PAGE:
Claire Closet Clothing Swap Shares the Love of Green in 2014

By Jocelyne Kilpatrick

Kingston’s arts subculture is curious and lively. Take the Claire Closet for example, an eco-fashion movement for teen girls founded by life-time Kingstonian, Claire Bouvier. After winning a grant from the Awesome Foundation in 2013, the business is slowly taking its place in the downtown core as the newest, trendiest thrift society.

Spread the awesome.

With a mandate to “spread the awesome,” there couldn’t be much more to discover from a company promoting eco-sustainability and girls’ creativity. There is: the Claire Closet has partnered with two amazing companies, Value Village and Sustainability Kingston, to put together some entertaining and informative workshops, clothing swaps, and runway shows.
While Kingston is infamous for its parade of uniform skinnies and Uggs, last Saturday, the Claire Closet’s Clothing Swap shook up the scene: “Dress up and take a selfie”—read the signs hanging from three CC girls’ necks as they stood outside on Princess Street with a box of funky looking hats.

“I just love what you are doing,” commented one visitor, “But especially I love seeing how the girls get involved.”

The Claire Closet dream has certainly come a long way from its debut last spring when it first introduced the art of thrift to its modern teenage audience. “Many of the girls would have been surprised when I suggested having a runway show in Value Village last year,” Claire smiles, “Now they’re like—that’s cool. It makes sense.”

Behind the scenes of the Claire Closet Clothing Swap!

As a university student, Claire struggled with self-image and felt pressured to wear what was new and trending. She discovered that thrifting could let her expand both her wardrobe and her personal style—without compromising her budget.
Claire was motivated to create the Claire Closet as a way of teaching teenage girls to be creative and eco-friendly with their personal styles.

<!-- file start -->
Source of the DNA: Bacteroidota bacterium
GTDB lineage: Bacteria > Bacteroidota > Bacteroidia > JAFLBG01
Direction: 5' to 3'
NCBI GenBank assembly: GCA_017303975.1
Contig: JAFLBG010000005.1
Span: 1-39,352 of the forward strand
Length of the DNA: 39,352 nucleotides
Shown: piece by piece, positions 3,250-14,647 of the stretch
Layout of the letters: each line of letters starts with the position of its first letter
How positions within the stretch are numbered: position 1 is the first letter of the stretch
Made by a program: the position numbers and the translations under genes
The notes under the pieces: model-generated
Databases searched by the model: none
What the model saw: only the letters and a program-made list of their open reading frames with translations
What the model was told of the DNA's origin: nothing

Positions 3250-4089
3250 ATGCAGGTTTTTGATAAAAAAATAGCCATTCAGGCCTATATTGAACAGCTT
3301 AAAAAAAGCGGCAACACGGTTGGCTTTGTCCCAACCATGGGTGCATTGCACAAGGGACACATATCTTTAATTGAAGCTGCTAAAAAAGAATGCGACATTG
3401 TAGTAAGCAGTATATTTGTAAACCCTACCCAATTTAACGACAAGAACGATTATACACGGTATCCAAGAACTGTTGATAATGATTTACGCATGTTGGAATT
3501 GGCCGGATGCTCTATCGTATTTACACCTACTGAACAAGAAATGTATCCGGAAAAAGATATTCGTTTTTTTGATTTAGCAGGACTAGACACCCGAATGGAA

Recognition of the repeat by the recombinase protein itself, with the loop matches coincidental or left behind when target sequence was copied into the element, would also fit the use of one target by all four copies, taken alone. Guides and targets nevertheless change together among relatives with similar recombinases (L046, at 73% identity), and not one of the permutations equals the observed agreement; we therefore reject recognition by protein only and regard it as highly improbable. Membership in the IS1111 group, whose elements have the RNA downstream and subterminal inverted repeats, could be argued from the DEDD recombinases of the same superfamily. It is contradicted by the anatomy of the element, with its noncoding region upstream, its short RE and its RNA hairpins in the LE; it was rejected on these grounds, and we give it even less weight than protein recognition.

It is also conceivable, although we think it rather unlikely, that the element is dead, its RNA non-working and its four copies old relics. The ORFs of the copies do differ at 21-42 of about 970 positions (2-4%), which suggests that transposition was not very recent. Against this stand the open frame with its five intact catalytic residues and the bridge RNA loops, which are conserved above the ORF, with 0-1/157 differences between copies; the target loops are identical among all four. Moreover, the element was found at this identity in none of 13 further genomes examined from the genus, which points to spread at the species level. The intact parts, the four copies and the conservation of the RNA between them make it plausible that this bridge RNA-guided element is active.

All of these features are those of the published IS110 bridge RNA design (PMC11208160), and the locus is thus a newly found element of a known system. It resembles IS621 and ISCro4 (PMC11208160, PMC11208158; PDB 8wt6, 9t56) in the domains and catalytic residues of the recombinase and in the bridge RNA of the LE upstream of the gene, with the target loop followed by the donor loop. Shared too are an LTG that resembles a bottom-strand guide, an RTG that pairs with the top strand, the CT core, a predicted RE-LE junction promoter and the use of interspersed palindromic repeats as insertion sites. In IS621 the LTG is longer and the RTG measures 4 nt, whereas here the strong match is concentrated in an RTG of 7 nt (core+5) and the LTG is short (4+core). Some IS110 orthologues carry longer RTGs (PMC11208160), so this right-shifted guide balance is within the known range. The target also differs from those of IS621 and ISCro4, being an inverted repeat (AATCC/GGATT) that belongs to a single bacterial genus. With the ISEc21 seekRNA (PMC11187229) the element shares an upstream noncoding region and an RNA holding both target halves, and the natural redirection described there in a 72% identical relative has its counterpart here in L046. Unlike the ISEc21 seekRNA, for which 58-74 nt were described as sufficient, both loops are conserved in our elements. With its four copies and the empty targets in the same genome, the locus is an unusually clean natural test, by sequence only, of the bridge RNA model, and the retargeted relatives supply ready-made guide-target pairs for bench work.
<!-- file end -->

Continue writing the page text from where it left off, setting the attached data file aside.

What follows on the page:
Just one of the fabulously thrifty ensembles found.

Thrifting itself is a relatively new trend.  Bill Ellison opened his first “thrift” store in San Francisco in 1954. As his movement commercialised, Savers became Value Village, with a first Canadian store opened in Vancouver in 1980.
Value Village, however, didn’t arrive to Kingston until 1993. “I used to make my kids’ clothes by hand because I couldn’t find clothes for a good price,” explained one Mom, “When I moved to Kingston someone told me about cheap but quality second-hand clothes, and I have been shopping at Value Village since.”

Did someone say hair and makeup?

Value Village has been the centre of super savers (and famously costume hunters) for a generation, but there is a new movement of eco-friendly trenders that is taking thrifting to a whole new level. What the Claire Closet is doing is simply the next inevitable step in the sustainable fashion movement.
Last clothing swap I picked up a cute yellow skirt. This Saturday I was back trading it in for a polka-dot, vintage one. As I watch the guests streaming in, I notice that one of the CC girls is wearing my earrings.

Some of the wonderful participants of the Clothing Swap.

In a world that is becoming increasingly commercialized, the thrifting trend is a fun way of staying on top of fashion, keeping a budget, and supporting sustainability.
Come check out what the girls are doing at the runway show, March 1st at Value Village. For more information on their next Clothing Swap, check their website at